Thailand’s central bank to keep rates on hold until end of 2022, calls for an early hike grow louder

The central bank of Thailand is seen at the Bank of Thailand in Bangkok, Thailand April 26, 2016. REUTERS/Jorge Silva/File Photo

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  • The 20 economists surveyed expect the rate to hold steady at 0.50% on Wednesday, June 8

BENGALURU, June 6 (Reuters) – Thailand’s central bank will leave interest rates unchanged at their lowest level for the rest of the year to support the economic recovery, but there are calls for an early rate hike. increasingly heard amid inflationary risks, according to a Reuters poll.

Driven by rising food and energy prices, inflation in Thailand hit 4.65% in April and is expected to remain above 5% in the coming months, well above the target range for 1% to 3% Bank of Thailand (BOT).

Despite these price pressures, economists expect the central bank to maintain accommodative policy to support growth until the end of 2022.

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After a drop in COVID-19 cases and an easing of restrictions, Thailand’s economy grew by a seasonally adjusted 1.1% in the March quarter from the previous three months, beating an expected increase of 0, 9% in a separate Reuters poll. Read more

But China’s zero-COVID policy and weak tourist arrivals still pose a challenge to recovery.

The 20 economists in the May 30-June 3 poll predicted that the central bank will hold its overnight repurchase rate (THCBIR=ECI) at 0.50% at its June 8 meeting and hold it at that level for the rest of the year.

“While our baseline view is that the Bank of Thailand (BOT) remains on hold in 2022, we see growing risks that policymakers will change course and normalize monetary policy in 2H22, amid inflationary pressures. on the rise,” said Chua Han Teng, an economist at DBS. .

“By ‘hawkish shift’, we specifically mean the scenario where the BOT explicitly shifts its focus from economic support to containing inflation or tracking global rate hikes and signals that rate hikes would be imminent in 2H22. “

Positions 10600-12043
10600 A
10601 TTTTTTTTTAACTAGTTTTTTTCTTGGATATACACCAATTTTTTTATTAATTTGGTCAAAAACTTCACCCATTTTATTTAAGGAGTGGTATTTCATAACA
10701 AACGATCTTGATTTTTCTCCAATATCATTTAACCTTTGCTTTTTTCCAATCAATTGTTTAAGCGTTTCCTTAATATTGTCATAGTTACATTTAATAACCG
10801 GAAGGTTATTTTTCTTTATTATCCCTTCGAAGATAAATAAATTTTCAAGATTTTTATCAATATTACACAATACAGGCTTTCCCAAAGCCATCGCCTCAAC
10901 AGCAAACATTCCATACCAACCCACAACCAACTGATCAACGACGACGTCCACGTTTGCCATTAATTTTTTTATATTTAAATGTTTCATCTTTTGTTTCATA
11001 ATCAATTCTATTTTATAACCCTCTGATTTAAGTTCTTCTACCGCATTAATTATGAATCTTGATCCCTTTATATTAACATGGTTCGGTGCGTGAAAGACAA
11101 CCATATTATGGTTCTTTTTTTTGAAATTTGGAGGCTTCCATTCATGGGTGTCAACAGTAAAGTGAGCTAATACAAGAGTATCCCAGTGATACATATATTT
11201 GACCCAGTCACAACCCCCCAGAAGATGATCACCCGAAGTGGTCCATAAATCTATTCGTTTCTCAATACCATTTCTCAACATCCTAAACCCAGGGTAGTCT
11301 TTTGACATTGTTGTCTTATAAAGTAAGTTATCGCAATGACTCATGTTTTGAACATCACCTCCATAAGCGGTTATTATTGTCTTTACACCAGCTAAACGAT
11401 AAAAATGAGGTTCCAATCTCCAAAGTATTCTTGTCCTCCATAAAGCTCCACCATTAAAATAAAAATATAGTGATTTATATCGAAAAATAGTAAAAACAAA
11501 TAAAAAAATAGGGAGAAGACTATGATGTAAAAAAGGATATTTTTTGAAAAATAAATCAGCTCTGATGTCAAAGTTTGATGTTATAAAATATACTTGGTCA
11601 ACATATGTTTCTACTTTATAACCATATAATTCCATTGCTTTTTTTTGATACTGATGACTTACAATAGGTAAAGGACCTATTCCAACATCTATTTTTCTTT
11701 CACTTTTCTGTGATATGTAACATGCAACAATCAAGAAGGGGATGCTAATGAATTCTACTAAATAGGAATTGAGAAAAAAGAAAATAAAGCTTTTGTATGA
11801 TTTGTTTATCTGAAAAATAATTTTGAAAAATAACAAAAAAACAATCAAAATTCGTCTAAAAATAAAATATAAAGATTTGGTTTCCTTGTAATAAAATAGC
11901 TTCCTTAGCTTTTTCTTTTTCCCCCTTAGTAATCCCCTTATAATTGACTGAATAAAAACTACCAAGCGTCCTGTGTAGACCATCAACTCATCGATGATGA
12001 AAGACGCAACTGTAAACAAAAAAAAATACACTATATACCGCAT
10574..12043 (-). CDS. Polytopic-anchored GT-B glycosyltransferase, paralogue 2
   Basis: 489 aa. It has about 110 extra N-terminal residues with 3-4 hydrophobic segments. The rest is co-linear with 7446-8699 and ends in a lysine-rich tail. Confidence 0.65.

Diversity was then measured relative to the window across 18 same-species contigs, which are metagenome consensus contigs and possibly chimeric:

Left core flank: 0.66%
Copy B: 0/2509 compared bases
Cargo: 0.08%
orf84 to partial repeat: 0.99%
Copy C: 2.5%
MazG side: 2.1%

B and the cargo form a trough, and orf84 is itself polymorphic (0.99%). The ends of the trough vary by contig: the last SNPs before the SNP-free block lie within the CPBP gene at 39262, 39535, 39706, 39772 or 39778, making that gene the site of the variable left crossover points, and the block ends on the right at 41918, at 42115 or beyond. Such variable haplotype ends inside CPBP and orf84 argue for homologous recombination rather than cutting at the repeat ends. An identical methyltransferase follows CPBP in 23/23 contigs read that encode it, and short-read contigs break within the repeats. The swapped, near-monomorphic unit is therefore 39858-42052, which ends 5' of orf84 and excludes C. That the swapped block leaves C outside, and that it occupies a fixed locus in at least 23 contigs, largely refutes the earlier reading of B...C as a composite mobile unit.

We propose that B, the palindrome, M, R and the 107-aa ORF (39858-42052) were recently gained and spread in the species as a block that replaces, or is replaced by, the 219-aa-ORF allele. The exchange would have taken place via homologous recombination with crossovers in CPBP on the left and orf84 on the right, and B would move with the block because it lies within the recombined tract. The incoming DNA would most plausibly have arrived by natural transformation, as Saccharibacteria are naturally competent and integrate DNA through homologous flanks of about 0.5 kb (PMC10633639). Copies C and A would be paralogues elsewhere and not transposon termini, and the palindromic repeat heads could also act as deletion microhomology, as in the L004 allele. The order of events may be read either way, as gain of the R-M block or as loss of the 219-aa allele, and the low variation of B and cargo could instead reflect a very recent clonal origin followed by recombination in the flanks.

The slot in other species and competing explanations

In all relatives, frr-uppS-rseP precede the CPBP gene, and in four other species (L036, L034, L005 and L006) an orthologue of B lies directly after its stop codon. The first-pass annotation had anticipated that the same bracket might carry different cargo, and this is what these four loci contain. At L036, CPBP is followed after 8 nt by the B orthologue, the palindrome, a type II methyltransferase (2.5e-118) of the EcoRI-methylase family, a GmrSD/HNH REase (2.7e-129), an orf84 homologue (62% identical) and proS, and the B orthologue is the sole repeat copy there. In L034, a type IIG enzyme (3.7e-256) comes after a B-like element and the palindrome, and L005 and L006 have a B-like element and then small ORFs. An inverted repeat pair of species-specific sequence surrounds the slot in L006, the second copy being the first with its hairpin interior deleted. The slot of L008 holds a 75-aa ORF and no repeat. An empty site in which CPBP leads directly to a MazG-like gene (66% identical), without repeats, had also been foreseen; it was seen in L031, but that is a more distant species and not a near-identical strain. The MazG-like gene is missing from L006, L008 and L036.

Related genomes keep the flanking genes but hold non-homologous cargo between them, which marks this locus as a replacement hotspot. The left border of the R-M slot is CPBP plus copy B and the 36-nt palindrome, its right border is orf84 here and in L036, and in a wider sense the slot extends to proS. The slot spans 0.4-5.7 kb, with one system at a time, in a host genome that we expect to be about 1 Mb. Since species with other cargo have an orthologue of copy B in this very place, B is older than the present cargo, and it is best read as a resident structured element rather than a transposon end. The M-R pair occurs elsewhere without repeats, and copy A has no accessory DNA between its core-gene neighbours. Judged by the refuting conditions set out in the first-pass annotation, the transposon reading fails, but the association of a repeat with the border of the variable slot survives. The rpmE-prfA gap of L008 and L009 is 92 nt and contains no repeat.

While the poll’s median forecast showed that the first rate hike would not come until the first quarter of 2023 – unchanged from the April poll – some economists expected an earlier decision from the BOT.

More than a third, or seven of the 20 respondents, forecast at least a 25 basis point rate hike coming by the fourth quarter of 2022, including two who expected it to come as early as the next trimester.

In the April poll, only two economists expected a quarter-point rise in 2022.

“We think the BOT will become less and less dovish given rising domestic inflation and an accelerating global trend towards higher rates,” noted Krystal Tan, an economist at ANZ.

“A sustained recovery would give the BOT room to start focusing on anchoring domestic inflation expectations in the months ahead and phasing out pandemic-era stimulus.”

Although forecast medians showed interest rates reaching their pre-pandemic levels of 0.75% in the first quarter of 2023, forecasts ranged from 0.50% to 1.50%, suggesting uncertainty about political direction.

While six out of 17 saw rates at 0.75% at the end of March, four indicated 1.00% or more. The remaining seven rates plan to remain at 0.50%.

Expectations of a further 25 basis point rate hike have been postponed to Q2 2023 from Q3 2023 in the last survey, bringing the rate to 1.00%, where it is expected to remain until the end of the month. ‘next year.

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Reporting by Devayani Sathyan and Anant Chandak; Polling and analysis by Arsh Mogre and Md. Manzer Hussain; Editing by David Holmes

Our standards: The Thomson Reuters Trust Principles.

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